…Billings Mustangs (Rookie): 1,522 miles
…GCL Reds (Rookie): 977 miles

Chicago Cubs (average: 943 miles)
Chicago to…
…Iowa Cubs (AAA): 333 miles
…Tennessee Smokies (AA): 560 miles
…Daytona Cubs (A): 1,156 miles
…Peoria Chiefs (A): 166 miles
…Boise Hawks (A): 1,695 miles
…Mesa Cubs (Rookie): 1,749 miles

Houston Astros (average: 953 miles)
Houston to…
…Round Rock Express (AAA): 167 miles
…Corpus Christi Hooks (AA): 222 miles
…Lancaster JetHawks (A): 1,571 miles
…Lexington Legends (A): 996 miles
…Tri-City Valley Cats (A): 1,764 miles
…Greeneville Astros (Rookie): 997 miles

Milwaukee Brewers (average: 970 miles)
Milwaukee to…
…Nashville Sounds (AAA): 562 miles
…Huntsville Stars (AA): 671 miles
…Brevard County Manatees (A): 1,300 miles
…Wisconsin Timber Rattlers (A): 107 miles
…Arizona Brewers (Rookie): 1,780 miles
…Helena Brewers (Rookie): 1,398 miles

The Great Baseball Road Trip of 2009: Day Three – June 27 – Baltimore to Pittsburgh to Harrisburg

The Pittsburgh Pirates are a joke as a baseball team and an organization (and that hurts to say, seeing as Amherst, New Hampshire’s own Neal Huntington is the general manager), but this must be said: I could see a game in every ballpark, major and minor, in the world and I’m not sure I would ever find another one as beautiful as Pittsburgh’s PNC Park. From the exterior view (where you’re driving down the street, come to a traffic light at the foot of the Roberto Clemente Bridge, and BOOM, ballpark at ten o’clock) to the interior view (with multiple gold-colored bridges rising up in the background), it’s just a fantastic place to enjoy visually.

pittsburgh bridges

My biggest regret about our road trip is that we didn’t get into Pittsburgh early enough to see any of the sights around the city. I would have liked to see where Three Rivers Stadium used to be, or visit Carnegie Mellon University (where the home plate from Forbes Field still resides). It was a hit-and-run visit, however; we left Baltimore around eleven, got to Pittsburgh just in time to check out the ballpark and see the game, and burned rubber for our hotel outside Harrisburg right after the game.

roberto clemente statueWe parked near the ballpark and walked over, crossing the Roberto Clemente Bridge, which was closed to automobile traffic. There’s something strange about walking down the middle of the street in broad daylight. I kept waiting for a car horn to sound behind me and obscenities to be sent in my direction. When we made it to the other side, we were greeted by an awesome sight: a huge statue of Roberto Clemente as he was completing his swing and preparing to run to first. Milestones from his life and career were engraved into the base; a miniature baseball diamond was set up around his feet, with each “base” housing a sample of earth from someplace close to Clemente: his birthplace of Carolina, Puerto Rico and his two major league homes with the Pirates, Forbes Field and Three Rivers Stadium.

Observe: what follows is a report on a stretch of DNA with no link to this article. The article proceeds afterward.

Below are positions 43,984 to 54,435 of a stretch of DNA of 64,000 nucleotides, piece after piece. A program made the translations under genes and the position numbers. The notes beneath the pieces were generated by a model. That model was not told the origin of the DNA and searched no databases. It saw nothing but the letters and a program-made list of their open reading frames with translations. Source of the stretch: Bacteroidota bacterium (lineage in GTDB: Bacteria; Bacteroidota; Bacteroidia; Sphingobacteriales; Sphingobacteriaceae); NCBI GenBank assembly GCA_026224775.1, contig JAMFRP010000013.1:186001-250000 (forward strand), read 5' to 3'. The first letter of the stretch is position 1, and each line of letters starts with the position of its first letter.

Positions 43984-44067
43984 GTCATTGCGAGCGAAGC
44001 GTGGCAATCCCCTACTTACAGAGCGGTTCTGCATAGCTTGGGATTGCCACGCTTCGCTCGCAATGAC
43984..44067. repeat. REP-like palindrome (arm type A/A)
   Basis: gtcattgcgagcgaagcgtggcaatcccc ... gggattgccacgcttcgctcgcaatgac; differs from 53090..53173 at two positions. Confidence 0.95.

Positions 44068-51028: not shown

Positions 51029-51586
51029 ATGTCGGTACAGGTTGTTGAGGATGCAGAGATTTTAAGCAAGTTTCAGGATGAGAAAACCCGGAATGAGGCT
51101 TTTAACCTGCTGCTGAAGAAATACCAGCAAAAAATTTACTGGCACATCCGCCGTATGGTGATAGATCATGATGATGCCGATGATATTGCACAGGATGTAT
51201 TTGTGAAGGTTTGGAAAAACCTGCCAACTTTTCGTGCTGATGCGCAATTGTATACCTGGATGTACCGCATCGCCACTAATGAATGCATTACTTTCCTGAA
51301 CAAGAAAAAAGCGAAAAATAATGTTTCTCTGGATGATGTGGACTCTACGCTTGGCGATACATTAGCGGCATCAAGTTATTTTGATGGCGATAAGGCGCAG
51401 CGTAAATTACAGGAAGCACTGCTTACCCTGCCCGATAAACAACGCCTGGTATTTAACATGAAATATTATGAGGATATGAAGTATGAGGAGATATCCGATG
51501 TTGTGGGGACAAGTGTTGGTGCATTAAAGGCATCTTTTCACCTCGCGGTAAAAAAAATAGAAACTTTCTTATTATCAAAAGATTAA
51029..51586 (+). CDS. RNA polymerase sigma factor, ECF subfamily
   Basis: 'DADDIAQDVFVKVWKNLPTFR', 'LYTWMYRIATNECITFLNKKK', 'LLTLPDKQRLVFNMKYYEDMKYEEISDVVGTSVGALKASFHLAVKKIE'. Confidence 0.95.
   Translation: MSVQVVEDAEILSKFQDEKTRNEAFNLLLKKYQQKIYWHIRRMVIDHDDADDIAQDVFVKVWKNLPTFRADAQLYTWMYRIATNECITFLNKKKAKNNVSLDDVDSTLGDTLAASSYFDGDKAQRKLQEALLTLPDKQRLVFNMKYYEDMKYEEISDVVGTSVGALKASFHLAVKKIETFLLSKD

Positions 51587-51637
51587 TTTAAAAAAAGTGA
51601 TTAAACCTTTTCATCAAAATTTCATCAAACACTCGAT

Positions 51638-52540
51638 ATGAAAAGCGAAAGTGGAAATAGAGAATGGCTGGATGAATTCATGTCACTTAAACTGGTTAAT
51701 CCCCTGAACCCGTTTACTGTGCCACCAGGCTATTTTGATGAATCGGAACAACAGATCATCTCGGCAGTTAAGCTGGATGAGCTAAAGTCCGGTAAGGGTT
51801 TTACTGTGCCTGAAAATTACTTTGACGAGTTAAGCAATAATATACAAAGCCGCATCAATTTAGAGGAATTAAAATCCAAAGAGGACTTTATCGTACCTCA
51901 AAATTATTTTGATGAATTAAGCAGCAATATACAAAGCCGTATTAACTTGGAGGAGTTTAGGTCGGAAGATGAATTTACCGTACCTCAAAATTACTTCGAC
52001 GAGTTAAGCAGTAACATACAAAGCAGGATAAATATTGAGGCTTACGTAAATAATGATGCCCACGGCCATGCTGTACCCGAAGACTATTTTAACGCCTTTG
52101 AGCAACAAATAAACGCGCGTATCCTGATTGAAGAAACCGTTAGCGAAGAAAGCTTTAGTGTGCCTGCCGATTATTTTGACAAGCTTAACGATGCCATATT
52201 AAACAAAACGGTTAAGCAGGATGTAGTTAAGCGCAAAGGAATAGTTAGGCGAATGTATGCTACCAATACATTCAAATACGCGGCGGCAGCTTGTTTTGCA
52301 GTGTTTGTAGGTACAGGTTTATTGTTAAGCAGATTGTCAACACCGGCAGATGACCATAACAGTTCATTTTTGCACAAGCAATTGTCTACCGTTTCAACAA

Before entering the ballpark, we separated for the first time on the colon warming uptrip. Billy, an avid outdoorsman, wanted to kayak down the mighty Alleghany River, so he broke off for an hour or so and went off on his own little adventure (he went as far as Heinz Field) while we went inside to watch batting practice. The first thing I noticed was that when you walk inside, the bullpens are RIGHT THERE. I hope Roman Colon likes an audience while he’s getting his work in, because he certainly had a sizeable one. We then ventured into the left-center field bleachers, which was being peppered with batting practice homeruns. Chris looked like he could’ve stayed there all day, but unfortunately we were in direct sunlight and I could feel myself baking, so I suggested we walk around and check out the rest of the place.

Some team employees were running a game under the bleachers where you spun a wheel and won some sort of prize. Chris and I signed up. He went first and won a hat that we had to walk clear across to the other side of the ballpark to retrieve. I followed and won a coupon for two free tickets to a Sunday-Thursday game of my choosing. My first thought was to give it away as a prize to one of our loyal Bus Leagues readers, but it will probably turn into a nice Labor Day road trip for my wife and I. Don’t worry, I gots other stuff for you people. We’ll get to that some other time.

After we walked to the other side of the ballpark for Chris’s hat, Billy caught up with us and we just soaked in the beauty of the place for a few minutes. Someone suggested moving closer to the field to take some pictures – batting practice was still going on – so we walked the main concourse until we were parallel to the dugouts and made our move.

Billy went down the steps first. For some reason, Chris and Tim were lagging behind. As I approached the steps, an usher popped out of nowhere and gruffly asked, “Something I can help you with?”